CCPA is coming – What you need to know before 2020
November 22, 2019
November 22, 2019
Privacy rights continue to be a hot topic issue. As the laws and regulations become more stringent and widespread, companies must be prepared to remain compliant moving forward. This means not only making sure that your company is handling data is a compliant fashion, but also making sure your business partners/service providers are as well. While those of us doing international business are familiar with and have developed General Data Protection Regulation (GDPR) compliance within our organizations, we now are creeping up on the California Consumer Privacy Act (CCPA) compliance deadline of January 1, 2020.
As with any legislative deadline, there have been fast-moving changes to the current state of the CCPA. In fact, on Friday, October 11, 2019, the Governor signed five CCPA amendments (AB 25, 874, 1146, 1355, and 1564). The Attorney General also released the proposed draft regulations on October 10, 2019. While we await the public hearings, we can anticipate the draft regulations will likely be enacted on July 1, 2020.
The question now becomes: “What does your business need to know?” Here are five key components of CCPA that all companies doing business in California should be aware of.
1. Notice to Consumers
2. Notice of Right to Opt-Out
If your business sells its consumers’ personal data, it is time to read the proposed regulations thoroughly. There is some great guidance on how to comply with the “opt-out” requirements. Specifically, it is noted a business shall post the notice of right to opt-out on the webpage the consumer is directed to after clicking on the “Do Not Sell My Personal Information” or “Do Not Sell My Info” link on the website homepage or landing page on a mobile app. The proposed regulations even go so far as to give an example of what the opt-out button or logo should look like. This opt-out option needs to be addressed for offline methods of collection as well.
3. Request to Delete
For those of us already GDPR compliant, we are all too familiar with the “right to be forgotten.” With CCPA, consumers have a similar option which is entitled “request to delete.” This allows a consumer the right to request any personal information collected about the consumer to be erased. The business needs to have two methods for placing these types of requests – whether it be email, telephone, interactive webform, or US mail. The proposed regulations indicate that when a business receives a “request to delete,” they must confirm receipt of the request in 10 days and respond within 45 days. The company must also log any “requests to delete.” There are exceptions that allow a business to not delete information in certain situations. Those include when the information is necessary to:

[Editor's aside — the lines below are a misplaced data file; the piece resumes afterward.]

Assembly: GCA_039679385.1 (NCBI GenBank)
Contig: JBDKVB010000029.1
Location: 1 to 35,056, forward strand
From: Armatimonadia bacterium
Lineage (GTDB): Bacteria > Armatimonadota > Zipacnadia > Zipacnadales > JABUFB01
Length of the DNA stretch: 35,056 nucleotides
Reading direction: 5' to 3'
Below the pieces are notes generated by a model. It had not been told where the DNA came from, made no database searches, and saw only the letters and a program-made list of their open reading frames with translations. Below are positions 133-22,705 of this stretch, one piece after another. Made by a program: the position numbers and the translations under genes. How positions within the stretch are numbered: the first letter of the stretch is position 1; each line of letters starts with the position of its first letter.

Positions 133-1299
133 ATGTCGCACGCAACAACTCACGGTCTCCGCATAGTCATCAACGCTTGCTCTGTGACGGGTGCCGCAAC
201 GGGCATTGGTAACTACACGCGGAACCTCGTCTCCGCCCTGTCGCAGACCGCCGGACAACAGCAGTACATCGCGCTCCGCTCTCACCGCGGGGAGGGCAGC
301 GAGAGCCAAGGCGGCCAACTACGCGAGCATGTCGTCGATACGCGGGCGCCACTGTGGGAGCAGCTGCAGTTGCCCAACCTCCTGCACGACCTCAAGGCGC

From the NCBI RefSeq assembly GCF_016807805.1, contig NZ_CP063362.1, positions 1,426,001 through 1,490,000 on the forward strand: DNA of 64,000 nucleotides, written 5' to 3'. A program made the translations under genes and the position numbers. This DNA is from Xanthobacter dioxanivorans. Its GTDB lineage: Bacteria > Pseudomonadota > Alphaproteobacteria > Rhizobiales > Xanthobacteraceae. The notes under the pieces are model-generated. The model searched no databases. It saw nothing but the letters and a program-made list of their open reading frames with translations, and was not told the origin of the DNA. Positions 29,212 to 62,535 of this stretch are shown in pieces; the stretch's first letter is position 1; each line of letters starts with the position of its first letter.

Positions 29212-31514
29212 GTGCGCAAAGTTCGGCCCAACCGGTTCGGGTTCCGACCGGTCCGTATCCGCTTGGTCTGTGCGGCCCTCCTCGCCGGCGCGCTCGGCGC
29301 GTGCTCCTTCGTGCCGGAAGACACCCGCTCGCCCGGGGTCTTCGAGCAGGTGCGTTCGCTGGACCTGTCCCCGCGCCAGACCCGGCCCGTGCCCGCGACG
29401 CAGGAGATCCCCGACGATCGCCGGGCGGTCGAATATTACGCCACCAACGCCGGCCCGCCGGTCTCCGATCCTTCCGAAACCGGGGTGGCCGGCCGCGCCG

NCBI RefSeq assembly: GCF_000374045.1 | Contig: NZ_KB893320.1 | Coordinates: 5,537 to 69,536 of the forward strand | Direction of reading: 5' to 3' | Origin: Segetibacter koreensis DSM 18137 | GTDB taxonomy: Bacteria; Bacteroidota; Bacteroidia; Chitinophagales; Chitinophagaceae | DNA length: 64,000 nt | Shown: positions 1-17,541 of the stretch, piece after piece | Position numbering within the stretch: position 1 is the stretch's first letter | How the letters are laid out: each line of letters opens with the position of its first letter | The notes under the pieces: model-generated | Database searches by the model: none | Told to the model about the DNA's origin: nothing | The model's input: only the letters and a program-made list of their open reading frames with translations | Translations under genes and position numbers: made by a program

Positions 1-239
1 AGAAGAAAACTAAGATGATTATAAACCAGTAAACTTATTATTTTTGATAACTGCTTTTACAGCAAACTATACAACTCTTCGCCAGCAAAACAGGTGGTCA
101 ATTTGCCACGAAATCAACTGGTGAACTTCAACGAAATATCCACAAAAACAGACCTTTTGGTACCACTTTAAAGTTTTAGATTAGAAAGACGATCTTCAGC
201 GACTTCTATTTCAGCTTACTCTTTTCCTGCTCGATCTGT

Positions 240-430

- Complete a transaction.
- Provide a good/service the consumer has requested.
- Perform a contract.
- Detect security incidents.
- Protect against “malicious, deceptive, fraudulent, or illegal” activities.
- Prosecute people responsible for “malicious, deceptive, fraudulent, or illegal” activities.
- “Debug to identify and repair errors that impair existing intended functionality.”
- Ensure the exercise of free speech.
- Ensure the business can exercise “another right provided for by law.”
- Comply with a legal obligation.
4. Service Provider Contracts
Businesses may also need to update service-level agreements with any third-party provider where data processing is at issue. CCPA defines the term “sell” in a broad manner that does implicate arrangements where there is an exchange of value between the business and another party for the consumer’s personal information. The Proposed Regulations indicate that Service Providers should not use personal information collected from one business to provide services to another business. Specifically, it is indicated “A Service Provider shall not use personal information received either from a person or entity it services or from a consumer’s direct interaction with the Service Provider for the purpose of providing services to another person or entity. A Service Provider may, however, combine personal information received from one or more entities to which it is a Service Provider, on behalf of such businesses, to the extent necessary to detect data security incidents, or protect against fraudulent or illegal activity.” It also becomes critical that businesses utilizing service providers are contractually addressing the data processing relationship and providing clear instructions on how to respond to a consumer request that is received by a Service Provider on behalf of a business it services.
5. Employees Excluded from the Definition of Consumer until 1/1/2021
AB 25 has modified the definition of “consumer” under the CCPA to exclude for one year “a natural person whose personal information has been collected by a business in the course of a person acting as a job applicant to, an employee of, a contractor of, or an agent on behalf of, the business, to the extent the person’s personal information is collected and used solely within the context of the person’s role as a job applicant to, an employee of, a contractor of that business.” As long as an employer is collecting the data of its candidates and employees for purposes solely relating to employment, the CCPA generally does not apply to the collection of that personal information. This exemption will remain in effect only until January 1, 2021. It is anticipated that we will see a separate employee privacy bill proposed prior to the one-year deadline.
TargetCW takes data privacy seriously and believes it is best to take a transparent approach to how we handle personal information. Check out our policies at https://www.tcwprivacy.com/policies.